Citizen Scientists Discover Giant Gaseous Jupiter-Sized Planet In NASA TESS Data



A former U.S. Naval officer, Tom Jacobs, who has been participating in NASA online volunteer projects since 2010, has discovered a giant gaseous exoplanet nearly 379 light-years from Earth in the agency’s TESS (Transiting Exoplanet Survey Satellite) data. While the TESS results help NASA officials locate new planets in space by observing the change in brightness of nearby stars, Jacobs, a citizen scientist, spotted a gaseous Jupiter-sized planet hidden in the data during a recent study.

The new finding was recently published in the Astronomical Journal and presented at an American Astronomical Society virtual press event as well. “Discovering and publishing TOI-2180 b was a great group effort demonstrating that professional astronomers and seasoned citizen scientists can successfully work together. It is synergy at its best,” Jacobs said at the event. “We love contributing to science and I love this type of surveying, knowing that one is in new undiscovered territory not seen by any humans before,” he added.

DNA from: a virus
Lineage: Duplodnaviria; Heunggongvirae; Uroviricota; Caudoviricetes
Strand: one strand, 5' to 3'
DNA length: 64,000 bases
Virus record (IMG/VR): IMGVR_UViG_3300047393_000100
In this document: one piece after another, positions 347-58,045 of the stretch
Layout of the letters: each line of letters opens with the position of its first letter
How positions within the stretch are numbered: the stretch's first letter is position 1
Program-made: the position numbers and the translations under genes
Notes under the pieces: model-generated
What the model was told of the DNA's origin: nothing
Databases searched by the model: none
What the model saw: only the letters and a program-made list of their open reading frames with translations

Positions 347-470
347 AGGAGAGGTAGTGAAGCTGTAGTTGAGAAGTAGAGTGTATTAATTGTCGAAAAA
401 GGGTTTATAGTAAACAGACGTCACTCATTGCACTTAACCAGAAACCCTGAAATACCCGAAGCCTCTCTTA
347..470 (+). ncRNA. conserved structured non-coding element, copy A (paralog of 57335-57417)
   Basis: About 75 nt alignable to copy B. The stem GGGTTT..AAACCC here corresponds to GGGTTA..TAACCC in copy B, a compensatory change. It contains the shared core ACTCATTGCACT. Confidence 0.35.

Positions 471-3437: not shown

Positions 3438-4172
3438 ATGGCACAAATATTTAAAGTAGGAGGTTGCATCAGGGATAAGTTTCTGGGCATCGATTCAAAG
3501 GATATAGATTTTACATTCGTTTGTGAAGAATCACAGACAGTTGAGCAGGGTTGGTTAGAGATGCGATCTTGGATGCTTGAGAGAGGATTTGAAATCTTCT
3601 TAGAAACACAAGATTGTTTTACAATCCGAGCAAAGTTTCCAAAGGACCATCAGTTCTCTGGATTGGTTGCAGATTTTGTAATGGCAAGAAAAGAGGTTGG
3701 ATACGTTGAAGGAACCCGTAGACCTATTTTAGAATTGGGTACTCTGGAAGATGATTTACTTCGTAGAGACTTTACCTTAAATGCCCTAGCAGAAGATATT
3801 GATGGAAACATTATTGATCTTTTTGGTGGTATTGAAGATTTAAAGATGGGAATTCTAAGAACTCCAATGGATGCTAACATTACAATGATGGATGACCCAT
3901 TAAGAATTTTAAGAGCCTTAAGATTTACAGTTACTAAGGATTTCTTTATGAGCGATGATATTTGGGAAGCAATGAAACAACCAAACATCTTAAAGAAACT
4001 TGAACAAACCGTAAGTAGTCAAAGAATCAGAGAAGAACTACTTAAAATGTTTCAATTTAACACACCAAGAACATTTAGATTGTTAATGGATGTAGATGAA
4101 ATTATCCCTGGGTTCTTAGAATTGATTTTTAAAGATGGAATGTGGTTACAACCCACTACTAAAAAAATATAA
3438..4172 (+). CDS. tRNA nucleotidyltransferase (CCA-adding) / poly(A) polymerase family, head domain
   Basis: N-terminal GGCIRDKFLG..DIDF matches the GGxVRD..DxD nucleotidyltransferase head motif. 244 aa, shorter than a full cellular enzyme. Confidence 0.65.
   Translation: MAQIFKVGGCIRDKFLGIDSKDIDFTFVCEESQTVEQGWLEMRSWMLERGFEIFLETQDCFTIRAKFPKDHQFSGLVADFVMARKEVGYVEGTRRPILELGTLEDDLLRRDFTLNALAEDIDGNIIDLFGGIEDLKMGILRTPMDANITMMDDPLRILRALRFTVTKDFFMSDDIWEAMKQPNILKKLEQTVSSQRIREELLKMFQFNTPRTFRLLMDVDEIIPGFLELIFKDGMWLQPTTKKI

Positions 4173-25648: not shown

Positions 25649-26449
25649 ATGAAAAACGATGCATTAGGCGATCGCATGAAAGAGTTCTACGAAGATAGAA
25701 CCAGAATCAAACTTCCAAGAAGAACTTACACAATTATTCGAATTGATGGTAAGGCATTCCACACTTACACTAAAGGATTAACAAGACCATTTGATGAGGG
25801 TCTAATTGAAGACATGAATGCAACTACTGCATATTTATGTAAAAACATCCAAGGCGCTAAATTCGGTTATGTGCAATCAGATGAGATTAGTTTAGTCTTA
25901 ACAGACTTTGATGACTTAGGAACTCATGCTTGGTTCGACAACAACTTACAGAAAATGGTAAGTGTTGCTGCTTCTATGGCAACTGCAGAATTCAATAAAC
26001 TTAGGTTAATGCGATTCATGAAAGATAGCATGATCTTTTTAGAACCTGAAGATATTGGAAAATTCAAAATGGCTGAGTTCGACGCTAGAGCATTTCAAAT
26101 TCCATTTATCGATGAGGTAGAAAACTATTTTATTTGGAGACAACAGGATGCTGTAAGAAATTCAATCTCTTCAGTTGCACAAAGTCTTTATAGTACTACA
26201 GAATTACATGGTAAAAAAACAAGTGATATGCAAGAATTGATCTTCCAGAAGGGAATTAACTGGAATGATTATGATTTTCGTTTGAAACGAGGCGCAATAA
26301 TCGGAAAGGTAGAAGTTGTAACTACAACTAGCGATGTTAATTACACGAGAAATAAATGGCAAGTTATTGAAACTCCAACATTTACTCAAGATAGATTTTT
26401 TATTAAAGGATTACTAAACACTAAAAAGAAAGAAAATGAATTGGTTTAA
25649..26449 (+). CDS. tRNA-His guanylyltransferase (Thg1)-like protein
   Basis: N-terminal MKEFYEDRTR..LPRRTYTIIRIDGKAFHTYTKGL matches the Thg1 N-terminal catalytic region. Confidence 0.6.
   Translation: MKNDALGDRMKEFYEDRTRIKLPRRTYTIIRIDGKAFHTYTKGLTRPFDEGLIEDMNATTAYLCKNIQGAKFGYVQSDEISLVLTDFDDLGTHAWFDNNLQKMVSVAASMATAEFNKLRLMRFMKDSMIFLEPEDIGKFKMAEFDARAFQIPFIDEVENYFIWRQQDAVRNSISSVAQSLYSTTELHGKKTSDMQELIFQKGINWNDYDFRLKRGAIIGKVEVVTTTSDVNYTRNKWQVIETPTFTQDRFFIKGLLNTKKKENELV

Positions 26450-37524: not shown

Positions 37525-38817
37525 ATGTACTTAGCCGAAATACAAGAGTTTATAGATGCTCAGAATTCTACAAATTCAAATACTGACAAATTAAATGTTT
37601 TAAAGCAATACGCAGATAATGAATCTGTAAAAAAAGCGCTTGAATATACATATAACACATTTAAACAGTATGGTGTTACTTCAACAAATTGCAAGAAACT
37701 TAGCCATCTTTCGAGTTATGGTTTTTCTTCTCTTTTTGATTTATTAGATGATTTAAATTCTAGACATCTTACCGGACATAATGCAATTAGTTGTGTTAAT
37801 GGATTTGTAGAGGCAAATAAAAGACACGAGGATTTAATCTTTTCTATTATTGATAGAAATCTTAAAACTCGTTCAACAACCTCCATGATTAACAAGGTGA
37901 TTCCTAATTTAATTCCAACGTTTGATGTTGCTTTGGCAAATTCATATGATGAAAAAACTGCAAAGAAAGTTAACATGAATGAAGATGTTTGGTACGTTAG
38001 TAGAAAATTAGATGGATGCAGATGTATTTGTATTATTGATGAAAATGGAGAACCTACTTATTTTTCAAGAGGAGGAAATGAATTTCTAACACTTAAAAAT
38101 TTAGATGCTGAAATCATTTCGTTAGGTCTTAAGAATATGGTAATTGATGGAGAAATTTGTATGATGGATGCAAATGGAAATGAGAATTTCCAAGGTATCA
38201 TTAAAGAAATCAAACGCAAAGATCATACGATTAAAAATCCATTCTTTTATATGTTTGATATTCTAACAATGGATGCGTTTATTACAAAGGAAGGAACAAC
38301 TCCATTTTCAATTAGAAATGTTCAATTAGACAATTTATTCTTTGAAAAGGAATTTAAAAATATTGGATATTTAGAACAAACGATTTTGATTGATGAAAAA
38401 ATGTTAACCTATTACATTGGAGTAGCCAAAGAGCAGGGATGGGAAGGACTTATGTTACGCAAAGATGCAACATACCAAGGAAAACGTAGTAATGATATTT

While the team reported the interesting light curve to the project lead, Paul Dalba and Diana Dragomir, a co-author on the study, the team observed the planet for nearly 27 hours over more than 500 days before organising a campaign in August 2021. While none of the 14 sites across three continents could detect the planet, the team expects it to appear in February 2022 TESS report once again.

“With this new discovery, we are also pushing the limits of the kinds of planets we can extract from TESS observations. TESS was not specifically designed to find such long-orbit exoplanets, but our team, with the help of citizen scientists, are digging out these rare gems nonetheless,” Dragomir said.

Dalba, an astronomer at the University of California, Riverside, and study lead was all praise for her team’s effort. “The manual effort that they put in is really important and really impressive, because it’s actually hard to write code that can go through a million light curves and identify single transit events reliably,” she added.

According to the NASA report, TOI-2180 b is reported to be bigger than Jupiter, NASA could soon observe this newly-discovered planet and its atmosphere with the help of James Webb Space Telescope (which launched on December 25).

SEE ALSO: Colossal Webb Telescope Completes A Phenomenal Feat In Space

Cover Image: Shutterstock


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